LTCS 225 - Interdisciplinary and Historical Analysis of Cultural Texts

The Grammars of Japanese Imperialism

Andrea Mendoza

This seminar explores an analysis of the history and legacies of the Japanese empire in literature, theater, cinema, and intellectual production from the late Tokugawa period (1600-1868) to the 21st century. In this course we will discuss specific topics relating to translation the reception of classics philosophy and modernity gender and race in the context of empire, colonialism, and nation-building postcoloniality in East Asia and comparative approaches to the study of East Asia in post-World War II politics of knowledge.

LTCS 225

LTCS 250 - Topics in Cultural Studies

New Media, Popular Culture, and Visuality in East Asia

Jin-kyung Lee

Please contact instructor for course description.

LTEN 245 - Nineteenth-Century American Studies

19th-Century Hemispheric American Literature

Sara Johnson

This course engages current figurations of the field of literatures of the Americas, also conceptualized as "comparative inter-American studies," "hemispheric American studies," and "transnational Southern literature." Focusing on several contact zones of the nineteenth century, we discuss the ways in which novels, short stories, essays, and newspapers knit the extended Americas together in complex narratives of interdependence.  We pay close attention to the material dimensions of print culture, multi-lingual publications (English, Spanish, French, German for example) and how competing claims of regional, national, ethnic and racial self-identification were actively theorized over two centuries ago. Readings will be complemented with examinations of several digital humanities projects. Particular attention is paid to tensions between colonial loyalties and burgeoning nationalist movements, migration, the legacy of slavery in the region, the U.S. Civil War, forced Native American dispossession, and growing U.S. continental expansion and regional imperialism. Our reading list will include texts by authors such as Martin Delaney, Maria Ruiz de Burton, Ludwig Von Reizenstein, José Martí, William Faulkner and Maryse Condé and secondary readings by authors including Edouard Glissant, Anna Brickhouse, Raul Coronado and Kirsten Silva Gruesz.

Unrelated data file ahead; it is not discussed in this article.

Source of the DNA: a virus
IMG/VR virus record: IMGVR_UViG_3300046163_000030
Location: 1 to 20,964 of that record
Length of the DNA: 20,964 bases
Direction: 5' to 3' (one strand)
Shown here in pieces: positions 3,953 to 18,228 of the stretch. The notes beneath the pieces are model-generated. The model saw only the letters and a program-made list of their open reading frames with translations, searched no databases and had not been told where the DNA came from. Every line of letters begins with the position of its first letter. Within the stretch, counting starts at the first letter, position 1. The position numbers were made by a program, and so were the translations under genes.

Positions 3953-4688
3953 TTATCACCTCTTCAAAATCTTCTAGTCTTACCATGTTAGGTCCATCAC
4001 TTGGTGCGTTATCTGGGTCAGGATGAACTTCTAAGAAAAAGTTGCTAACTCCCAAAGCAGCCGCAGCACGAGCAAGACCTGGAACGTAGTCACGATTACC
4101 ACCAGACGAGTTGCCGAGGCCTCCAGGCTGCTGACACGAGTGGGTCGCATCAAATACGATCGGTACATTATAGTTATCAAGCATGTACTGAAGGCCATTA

LTEN 259 - Transnational Literary Studies

Race, Colonialism, Environmentalisms, and Culture

Shelley Streeby

Please contact instructor for course description.

LTTH 210C - Practicum in Contemporary Literary Theory

Amanda Batarseh

This is the third in the three-part introductory theory sequence for PhD students in the UCSD Literature department. This segment will focus on contemporary conversations in literary and critical theory on method, field-formation, the university, and the labor of knowledge-production. In addition to readings in contemporary theory and method, students will also choose a field relevant to their own anticipated specialization and gain familiarity with that field’s history, primary texts, contemporary debates, journals, and conferences through a series of practical assignments. This course thus aims to not only orient students in some major conversations in contemporary literary/critical theory, but also equip students to undertake the practical matter of literary scholarship: proposing papers to and presenting at conferences, writing publishable articles targeted at particular journals, teaching literary and theoretical texts effectively, and building a generative writing/revision practice.

LTTH 260 - Job Materials/Career Planning Workshop

Joo Ok Kim

Please contact instructor for course description.